The overall aim is to track the impact of infrastructure planning and investment in these specific locations over time, and to utilise this data to inform future public policy development and decision making, as well as allowing for successes to be measured and communicated.
For further information please contact our Office of City Architect on 07 5582 8875.
Light Rail Corridor - Parkwood to Broadbeach
The Gold Coast light rail project is one of the biggest public transport projects in the country, and the biggest transport infrastructure project ever undertaken on the Gold Coast. As Queensland’s first ever light rail system, it represents a major step forward in transforming the city into a modern, accessible destination. Fast, frequent trams now connect 16 light rail stations along a 13 kilometre route from Broadbeach to Gold Coast University Hospital.
Read the Light Rail Corridor 2013 Baseline Report to see the statistics prior to the operation of the light rail.
Read the Light Rail Corridor 2015 Status Report to see what’s changed since 2013.
The 'Building our city – Light Rail Corridor 2017 Status Report' will be due for publication in early-mid 2018.
Southport was declared a Priority Development Area (PDA) in October 2013 with the Southport PDA Development Scheme being approved by the State Government in September 2014, marking a major milestone in planning for the Gold Coast CBD and significantly boosting the City’s plans to revitalise Southport.
Read the Southport PDA 2015 Baseline Report to find out more about the benefits of this project.
The 'Building our city – Southport PDA 2017 Status Report' will be due for publication in early-mid 2018.
Gold Coast Health and Knowledge Precinct (GCHKP)
The Gold Coast Health and Knowledge Precinct is a vibrant community where people live, learn and work. The 200 hectare health and knowledge precinct, located at Parklands in Southport, is rapidly growing and includes the state-of-the-art Gold Coast University Hospital, Gold Coast Private Hospital, and Griffith University.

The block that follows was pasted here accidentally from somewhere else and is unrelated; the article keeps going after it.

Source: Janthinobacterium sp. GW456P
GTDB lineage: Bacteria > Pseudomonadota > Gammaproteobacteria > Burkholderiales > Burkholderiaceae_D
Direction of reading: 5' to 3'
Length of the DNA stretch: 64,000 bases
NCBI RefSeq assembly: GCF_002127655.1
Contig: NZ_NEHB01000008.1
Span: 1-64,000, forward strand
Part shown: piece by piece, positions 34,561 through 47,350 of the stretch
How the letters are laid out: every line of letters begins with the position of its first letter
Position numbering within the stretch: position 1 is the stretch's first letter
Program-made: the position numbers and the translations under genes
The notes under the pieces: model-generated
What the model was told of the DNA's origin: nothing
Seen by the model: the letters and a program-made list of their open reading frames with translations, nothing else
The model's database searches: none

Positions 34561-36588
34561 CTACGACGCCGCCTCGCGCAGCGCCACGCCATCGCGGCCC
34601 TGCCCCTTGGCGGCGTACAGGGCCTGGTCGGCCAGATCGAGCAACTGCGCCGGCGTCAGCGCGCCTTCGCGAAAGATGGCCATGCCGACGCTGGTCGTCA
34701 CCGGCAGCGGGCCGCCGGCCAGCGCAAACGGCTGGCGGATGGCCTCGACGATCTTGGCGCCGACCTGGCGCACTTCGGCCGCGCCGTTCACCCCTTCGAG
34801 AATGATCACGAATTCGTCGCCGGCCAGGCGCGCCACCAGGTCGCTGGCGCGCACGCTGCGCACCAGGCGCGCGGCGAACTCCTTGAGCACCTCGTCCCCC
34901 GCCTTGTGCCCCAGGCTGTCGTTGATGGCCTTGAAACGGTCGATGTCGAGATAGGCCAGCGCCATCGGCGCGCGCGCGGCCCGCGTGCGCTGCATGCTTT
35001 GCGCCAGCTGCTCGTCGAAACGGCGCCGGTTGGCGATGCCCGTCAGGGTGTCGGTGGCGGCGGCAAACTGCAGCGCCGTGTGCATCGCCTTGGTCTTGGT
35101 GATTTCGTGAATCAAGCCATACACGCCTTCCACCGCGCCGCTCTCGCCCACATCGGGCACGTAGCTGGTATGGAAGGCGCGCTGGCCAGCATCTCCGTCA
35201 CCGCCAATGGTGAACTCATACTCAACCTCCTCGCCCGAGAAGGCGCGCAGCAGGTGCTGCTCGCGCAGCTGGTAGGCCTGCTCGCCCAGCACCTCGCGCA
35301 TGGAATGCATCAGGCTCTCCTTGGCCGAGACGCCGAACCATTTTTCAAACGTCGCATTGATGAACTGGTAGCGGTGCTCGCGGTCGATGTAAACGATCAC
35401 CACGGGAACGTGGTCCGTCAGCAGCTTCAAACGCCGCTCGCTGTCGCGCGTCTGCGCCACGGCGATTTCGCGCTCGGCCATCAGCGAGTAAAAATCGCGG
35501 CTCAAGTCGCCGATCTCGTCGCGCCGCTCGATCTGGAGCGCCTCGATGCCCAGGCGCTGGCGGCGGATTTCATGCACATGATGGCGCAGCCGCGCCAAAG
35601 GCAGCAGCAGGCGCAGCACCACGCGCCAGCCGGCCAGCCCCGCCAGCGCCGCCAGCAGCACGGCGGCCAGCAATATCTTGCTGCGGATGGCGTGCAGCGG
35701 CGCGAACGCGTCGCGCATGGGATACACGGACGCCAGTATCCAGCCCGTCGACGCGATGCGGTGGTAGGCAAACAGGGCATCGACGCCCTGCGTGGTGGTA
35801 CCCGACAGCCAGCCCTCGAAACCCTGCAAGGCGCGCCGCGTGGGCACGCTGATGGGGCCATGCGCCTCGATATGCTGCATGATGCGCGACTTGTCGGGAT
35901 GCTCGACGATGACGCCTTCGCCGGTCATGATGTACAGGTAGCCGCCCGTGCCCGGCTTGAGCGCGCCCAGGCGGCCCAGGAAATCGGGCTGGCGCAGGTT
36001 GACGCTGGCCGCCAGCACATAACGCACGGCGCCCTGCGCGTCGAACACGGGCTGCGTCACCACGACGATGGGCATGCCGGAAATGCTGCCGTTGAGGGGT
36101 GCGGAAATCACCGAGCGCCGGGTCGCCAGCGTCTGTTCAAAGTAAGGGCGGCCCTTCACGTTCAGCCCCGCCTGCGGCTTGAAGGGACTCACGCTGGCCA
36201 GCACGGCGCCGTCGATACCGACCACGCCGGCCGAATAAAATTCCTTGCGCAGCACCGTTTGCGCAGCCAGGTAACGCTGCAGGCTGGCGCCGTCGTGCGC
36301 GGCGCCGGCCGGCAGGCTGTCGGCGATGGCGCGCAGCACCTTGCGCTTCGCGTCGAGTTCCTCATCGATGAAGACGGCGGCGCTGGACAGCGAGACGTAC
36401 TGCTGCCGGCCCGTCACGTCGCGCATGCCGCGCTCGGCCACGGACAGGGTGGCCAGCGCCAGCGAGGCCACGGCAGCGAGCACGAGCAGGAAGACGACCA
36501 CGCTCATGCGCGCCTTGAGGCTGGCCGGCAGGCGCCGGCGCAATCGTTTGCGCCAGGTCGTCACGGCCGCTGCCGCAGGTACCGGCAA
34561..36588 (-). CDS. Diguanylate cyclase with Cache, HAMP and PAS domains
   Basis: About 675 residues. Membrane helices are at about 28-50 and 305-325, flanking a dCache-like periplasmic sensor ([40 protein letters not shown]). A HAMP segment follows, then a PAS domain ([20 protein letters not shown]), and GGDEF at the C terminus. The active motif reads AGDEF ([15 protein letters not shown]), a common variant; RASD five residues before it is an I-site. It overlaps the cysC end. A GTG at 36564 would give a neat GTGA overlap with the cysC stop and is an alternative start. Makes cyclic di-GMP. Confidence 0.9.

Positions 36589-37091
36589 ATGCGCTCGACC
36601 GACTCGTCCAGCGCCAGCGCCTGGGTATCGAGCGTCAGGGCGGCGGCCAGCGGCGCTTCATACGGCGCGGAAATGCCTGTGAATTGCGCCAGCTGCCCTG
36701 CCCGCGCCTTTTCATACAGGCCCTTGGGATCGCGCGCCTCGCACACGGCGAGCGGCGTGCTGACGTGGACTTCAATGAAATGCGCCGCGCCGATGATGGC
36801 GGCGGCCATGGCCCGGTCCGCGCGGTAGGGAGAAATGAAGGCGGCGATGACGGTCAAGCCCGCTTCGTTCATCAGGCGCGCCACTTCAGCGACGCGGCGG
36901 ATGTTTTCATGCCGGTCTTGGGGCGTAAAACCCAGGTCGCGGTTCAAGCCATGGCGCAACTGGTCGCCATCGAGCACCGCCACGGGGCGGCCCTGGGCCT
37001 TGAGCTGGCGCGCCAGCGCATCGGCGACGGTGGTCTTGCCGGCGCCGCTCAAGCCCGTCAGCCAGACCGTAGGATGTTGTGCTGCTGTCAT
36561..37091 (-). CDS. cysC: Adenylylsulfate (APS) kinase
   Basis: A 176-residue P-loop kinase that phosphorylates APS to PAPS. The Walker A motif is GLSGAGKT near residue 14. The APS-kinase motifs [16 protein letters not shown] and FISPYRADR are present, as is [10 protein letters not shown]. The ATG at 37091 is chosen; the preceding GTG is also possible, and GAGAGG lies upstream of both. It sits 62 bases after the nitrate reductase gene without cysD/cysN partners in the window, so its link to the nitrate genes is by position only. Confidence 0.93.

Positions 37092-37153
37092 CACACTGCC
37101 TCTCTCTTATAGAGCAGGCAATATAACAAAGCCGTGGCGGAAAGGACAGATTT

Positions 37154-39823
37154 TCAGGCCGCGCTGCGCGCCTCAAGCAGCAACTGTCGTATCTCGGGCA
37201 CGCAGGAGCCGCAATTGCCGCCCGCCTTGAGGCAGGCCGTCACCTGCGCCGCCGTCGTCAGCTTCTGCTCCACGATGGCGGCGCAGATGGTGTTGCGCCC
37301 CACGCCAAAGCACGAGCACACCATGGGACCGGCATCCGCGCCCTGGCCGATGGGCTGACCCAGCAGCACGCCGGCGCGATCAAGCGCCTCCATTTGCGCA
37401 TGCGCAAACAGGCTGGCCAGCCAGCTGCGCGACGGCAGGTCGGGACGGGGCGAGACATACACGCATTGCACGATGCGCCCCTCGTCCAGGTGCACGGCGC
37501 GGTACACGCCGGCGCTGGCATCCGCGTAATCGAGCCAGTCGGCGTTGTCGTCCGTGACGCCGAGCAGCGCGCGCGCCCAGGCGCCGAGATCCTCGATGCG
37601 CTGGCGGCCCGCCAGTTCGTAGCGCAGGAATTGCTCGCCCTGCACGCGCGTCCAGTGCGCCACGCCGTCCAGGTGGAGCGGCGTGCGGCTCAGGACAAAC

Works have begun for the development of the 29 hectare Commonwealth Games Village (adjacent to Griffith University), which will accommodate 6500 athletes and team officials in the lead up and during the Gold Coast 2018 Commonwealth Games™ .
Read the Gold Coast Health and Knowledge Precinct 2016 Baseline Report to find out more about the benefits of this project.
Li ght Rail Corridor - Broadbeach to Coolangatta
The Southern Light Rail Corridor will extend the existing route from Broadbeach South station to Coolangatta. Extending the light rail will make it easier to get around the city, reduce congestion on the roads and improve commute times. Connections to residential areas, workplaces and the airport will see continued economic growth, jobs and opportunities. Residents and tourists will benefit from improved access to beaches, parks, dining and entertainment.
The development of the ‘Building our city – Southern Light Rail Corridor 2017 Baseline Report’ is currently under development and is due for publication in early to mid 2018.
A syndicate that includes former Crocodile Dundee star, Paul Hogan, is set to pay $21 million for Brisbane's Queen's Arms Hotel, on trendy James Street in Brisbane's Fortitude Valley.
It is understood the syndicate is headed up by Sydney publican and former Lewis Hotels’ head, Peter Ashelford, and Nick Politis.
The new fund is believed to be worth $100m, and recently purchased Tree Tops in Burleigh, and bought the Robert Frazer-Scott’s Boat House Tavern, Coomera, from receivers.
The vendor of the Queen's Arms is Chris Condon.
Condon, who has owned and operated the Queen's Arms Hotel for eight years, recently refurbished the pub to the tune of $5 million, taking particular care to modernise the building, but preserve its history.
It is understood Tony Bargwanna, director hotels Savills Australia, negotiated the sale on behalf of the syndicate, but he declined to comment.
The sale is expected to settle in September.